Vermont Yankee celebrates National Engineering Week
In recognition of National Engineers Week, (Feb. 19-25), Vermont Yankee is proud to feature two engineers who recently joined the VY family. Their career stories correlate with the vision of the Engineers Week Coalition – to be the global leader in cultivating and celebrating the engineering profession.
Kenyon Webber – electrical design engineer
“I was always curious about how things worked,” said Vermont Yankee Electrical Design Engineer Kenyon Webber. “I always had the urge to take things apart and then try to put them back together. Unfortunately, my parental figures did not share that same curiosity, so it wasn’t until high school that I really got the opportunity to delve into how things actually worked.”
A native of Memphis, Tenn., Webber is one of Vermont Yankee’s newest engineers, having joined the Entergy family in October 2010. In her position at Vermont Yankee, she is a member of Design Engineering – Electrical workgroup. As a design engineer, she helps to ensure the plant has clear, well documented, understood and justified design, and licensing bases. She is also an active member of Vermont Yankee’s Women In Nuclear and NA-YGN chapters.
Webber credits her high school guidance counselor, Mrs. Blanchard, and her math teacher, Mrs. Childers, for helping foster her desire to learn more about science careers.
”At first, I thought I wanted to become a doctor, an obstetrician to be exact. Mrs. Blanchard encouraged and helped me enroll in the health & science programs at the University of Tennessee, a program for high school students interested in careers in science.” That was when she realized that her desire to learn about parts was leading her down the electrical engineering path, rather than becoming a doctor. “Wires hidden in walls are very much like studying the veins in the body; they are central to making things work correctly.”
Webber earned a bachelor’s degree in electrical engineering from Tennessee Technological University in Cookeville, Tenn. Part of her college experience included being a co-op electrical systems engineer with the Jackson Energy Authority in Jackson, Tenn.
While at TTU, Webber served as the chair of Engineering Week activities. “During E Week, middle school girls were invited to participate in the Engineering – A Future program. The program involved science related activities and games to promote interest in mathematics and engineering sciences,” said Webber. “Activities included coordinate/number games, chemistry experiments, and building electrical circuits such as, extracting DNA from strawberries and building voice changers.”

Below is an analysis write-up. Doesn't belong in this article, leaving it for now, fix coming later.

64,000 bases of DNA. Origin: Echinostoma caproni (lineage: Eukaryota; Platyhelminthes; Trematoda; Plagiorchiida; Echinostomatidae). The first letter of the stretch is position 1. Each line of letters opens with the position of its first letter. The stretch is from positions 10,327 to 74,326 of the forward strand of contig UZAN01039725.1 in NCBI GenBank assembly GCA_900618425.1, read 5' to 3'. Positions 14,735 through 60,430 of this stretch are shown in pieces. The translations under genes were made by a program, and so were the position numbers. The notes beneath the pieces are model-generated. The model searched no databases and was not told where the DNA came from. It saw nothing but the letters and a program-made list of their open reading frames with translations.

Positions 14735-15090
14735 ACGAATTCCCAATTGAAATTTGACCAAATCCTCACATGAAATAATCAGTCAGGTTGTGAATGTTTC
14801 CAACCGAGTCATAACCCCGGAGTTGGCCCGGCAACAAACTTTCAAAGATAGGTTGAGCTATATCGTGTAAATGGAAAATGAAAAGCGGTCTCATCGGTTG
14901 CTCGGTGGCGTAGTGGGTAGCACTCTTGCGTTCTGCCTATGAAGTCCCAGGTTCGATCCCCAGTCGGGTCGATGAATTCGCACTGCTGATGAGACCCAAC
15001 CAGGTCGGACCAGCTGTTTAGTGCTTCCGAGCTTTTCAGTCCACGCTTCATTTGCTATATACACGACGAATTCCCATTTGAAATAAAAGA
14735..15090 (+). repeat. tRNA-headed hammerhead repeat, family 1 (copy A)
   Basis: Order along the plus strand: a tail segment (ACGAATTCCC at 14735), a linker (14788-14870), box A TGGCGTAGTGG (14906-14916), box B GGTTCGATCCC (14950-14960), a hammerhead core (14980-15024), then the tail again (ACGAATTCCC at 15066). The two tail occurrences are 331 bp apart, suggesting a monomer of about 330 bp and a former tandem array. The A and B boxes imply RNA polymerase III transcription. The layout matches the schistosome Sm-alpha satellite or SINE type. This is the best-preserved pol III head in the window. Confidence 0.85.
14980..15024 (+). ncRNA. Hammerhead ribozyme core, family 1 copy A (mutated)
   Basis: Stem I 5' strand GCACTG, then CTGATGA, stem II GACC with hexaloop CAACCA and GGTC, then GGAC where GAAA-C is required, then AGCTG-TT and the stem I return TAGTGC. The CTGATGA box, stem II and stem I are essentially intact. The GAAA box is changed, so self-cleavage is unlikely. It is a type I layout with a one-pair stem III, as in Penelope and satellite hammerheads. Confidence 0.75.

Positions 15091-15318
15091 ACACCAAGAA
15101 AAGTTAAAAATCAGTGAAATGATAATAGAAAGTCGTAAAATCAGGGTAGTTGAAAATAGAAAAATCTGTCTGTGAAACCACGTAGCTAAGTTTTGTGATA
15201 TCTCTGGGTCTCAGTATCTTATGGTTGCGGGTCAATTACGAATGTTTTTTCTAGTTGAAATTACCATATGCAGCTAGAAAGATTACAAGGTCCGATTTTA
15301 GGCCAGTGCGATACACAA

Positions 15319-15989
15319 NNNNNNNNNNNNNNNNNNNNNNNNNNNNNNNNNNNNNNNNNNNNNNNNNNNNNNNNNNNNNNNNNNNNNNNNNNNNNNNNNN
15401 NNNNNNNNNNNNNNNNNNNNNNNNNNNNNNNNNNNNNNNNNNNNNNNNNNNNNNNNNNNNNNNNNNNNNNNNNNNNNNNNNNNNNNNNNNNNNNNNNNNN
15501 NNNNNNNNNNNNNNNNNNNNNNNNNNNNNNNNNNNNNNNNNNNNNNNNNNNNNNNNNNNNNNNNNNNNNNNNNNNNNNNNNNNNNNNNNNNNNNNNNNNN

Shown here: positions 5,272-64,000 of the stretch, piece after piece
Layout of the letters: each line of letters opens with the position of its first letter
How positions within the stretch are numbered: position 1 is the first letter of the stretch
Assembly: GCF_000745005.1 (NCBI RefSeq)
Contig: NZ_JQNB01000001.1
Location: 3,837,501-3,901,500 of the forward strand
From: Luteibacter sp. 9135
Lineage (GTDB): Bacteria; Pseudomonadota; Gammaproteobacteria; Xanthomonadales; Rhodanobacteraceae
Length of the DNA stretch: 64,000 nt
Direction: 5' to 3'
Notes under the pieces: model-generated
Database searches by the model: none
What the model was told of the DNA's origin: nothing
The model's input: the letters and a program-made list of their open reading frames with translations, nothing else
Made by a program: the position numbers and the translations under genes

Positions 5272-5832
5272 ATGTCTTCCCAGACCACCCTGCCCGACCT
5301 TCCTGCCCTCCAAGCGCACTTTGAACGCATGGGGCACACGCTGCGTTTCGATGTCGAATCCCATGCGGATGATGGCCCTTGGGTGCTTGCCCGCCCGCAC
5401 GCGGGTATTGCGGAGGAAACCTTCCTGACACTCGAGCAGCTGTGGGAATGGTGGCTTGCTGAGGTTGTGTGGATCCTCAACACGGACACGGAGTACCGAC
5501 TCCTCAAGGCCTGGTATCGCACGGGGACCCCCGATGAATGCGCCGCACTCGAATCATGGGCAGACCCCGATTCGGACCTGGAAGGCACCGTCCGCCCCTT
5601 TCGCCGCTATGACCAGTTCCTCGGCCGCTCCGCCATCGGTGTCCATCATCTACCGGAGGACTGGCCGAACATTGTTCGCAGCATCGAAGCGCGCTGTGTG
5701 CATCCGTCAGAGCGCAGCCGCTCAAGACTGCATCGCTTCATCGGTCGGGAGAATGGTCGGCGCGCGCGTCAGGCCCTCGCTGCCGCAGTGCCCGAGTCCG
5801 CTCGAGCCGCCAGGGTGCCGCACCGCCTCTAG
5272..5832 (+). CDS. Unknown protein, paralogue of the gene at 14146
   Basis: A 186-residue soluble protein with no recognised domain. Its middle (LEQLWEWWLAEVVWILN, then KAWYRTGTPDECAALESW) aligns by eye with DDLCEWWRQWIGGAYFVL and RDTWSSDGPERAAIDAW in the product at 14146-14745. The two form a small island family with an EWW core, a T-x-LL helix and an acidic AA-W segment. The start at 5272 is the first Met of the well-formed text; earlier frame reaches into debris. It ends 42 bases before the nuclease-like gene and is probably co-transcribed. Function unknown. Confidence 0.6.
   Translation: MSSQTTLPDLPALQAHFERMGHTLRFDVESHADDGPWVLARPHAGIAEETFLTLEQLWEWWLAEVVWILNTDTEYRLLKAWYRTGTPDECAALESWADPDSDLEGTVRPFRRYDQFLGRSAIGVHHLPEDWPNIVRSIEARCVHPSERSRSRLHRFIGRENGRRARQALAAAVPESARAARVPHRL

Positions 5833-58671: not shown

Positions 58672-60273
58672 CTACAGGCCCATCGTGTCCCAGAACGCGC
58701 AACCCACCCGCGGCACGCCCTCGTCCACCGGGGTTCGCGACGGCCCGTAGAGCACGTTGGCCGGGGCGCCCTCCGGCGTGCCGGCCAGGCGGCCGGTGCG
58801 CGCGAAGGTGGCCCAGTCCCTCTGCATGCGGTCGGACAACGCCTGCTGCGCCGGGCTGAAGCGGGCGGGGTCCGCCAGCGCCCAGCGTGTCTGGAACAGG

“E Week was a very rewarding experience,” said Webber. “The girls were very thankful for the opportunity to explore science. One comment often heard was ‘I never thought I could do this.’ E Week truly helps young women build the self confidence to pursue a career in science.”
Webber’s future career plans are to continue increasing her proficiency in her current position at VY while preparing for the accreditation exam to earn her Professional Engineering License. Later, Webber plans to earn an MBA degree.
Last week Webber returned to her history of promoting science to students by volunteering at the Windham Regional Career Center EXPO with the VY WIN and NA-YGN chapters.
Thanks, Kenyon, for sharing your story with the VY family. You are an inspiration for all of us! Shine on!
Brian O’Callahan – programs and components engineer
“My dad isn’t mechanically inclined,” said Programs and Components Engineer Brian O’Callahan. “When I was a kid, he bought a play swing set and proudly set it up in the yard, assembly required. Shortly afterwards he left on a business trip. I took that opportunity to reconfigure the swing set to factory standards.”
O’Callahan, a new engineer to Vermont Yankee, joined the VY family in October 2010. O’Callahan’s specializes in maintaining Vermont Yankee’s air operated valves.
Born and raised in Medway, Mass., O’Callahan attended Medway High School. “I always had an interest in how things worked; mathematics and physics just fueled my curiosity,” said O’Callahan.
“In Mr. Duncan’s physics class, we built a catapult, a machine that hurls a projectile. The specific design was a Trebuchet, a catapult that is powered by a massive counterweight on one end of an arm, and a sling on the other end. The football field was our test range.” From that point on, engineering had him hooked.
After graduating high school, O’Callahan attended Massachusetts Maritime Academy located in Buzzards Bay, Mass. There he earned a bachelor’s degree in facilities engineering, focused on power plant engineering. O’Callahan’s educational experiences include a co-op program at the University of Massachusets Medical Center, where he focused on maintenance of a power plant and studied business administration of power plant operations. A second co-op program took him to Milton Cat (a Caterpillar franchise in Milford, Mass.) where he was responsible for managing a corporate facilities program.
After graduating from the Academy, O’Callahan began his professional engineering career as a corporate facilities engineer for Milton Cat, and later as a project manager for the Milton Cat Power Systems Division. He was employed by Milton Cat for five years.
When O’Callahan joined Vermont Yankee as a member of the programs and components engineering team, he took charge of the air operated valve program. “Most systems have AOVs associated with them,” said O’Callahan. “We trouble shoot and evaluate valve performance and ensure the required PMs are performed.”
During RFO 29, O’Callahan was the data analyzer for diagnostic testing of AOVs. Throughout his continued career at Vermont Yankee, O’Callahan plans to develop his knowledge of VY plant systems.
Congratulations on your achievements, Brian. Sounds like your high school physics class was your catapult into the world of engineering.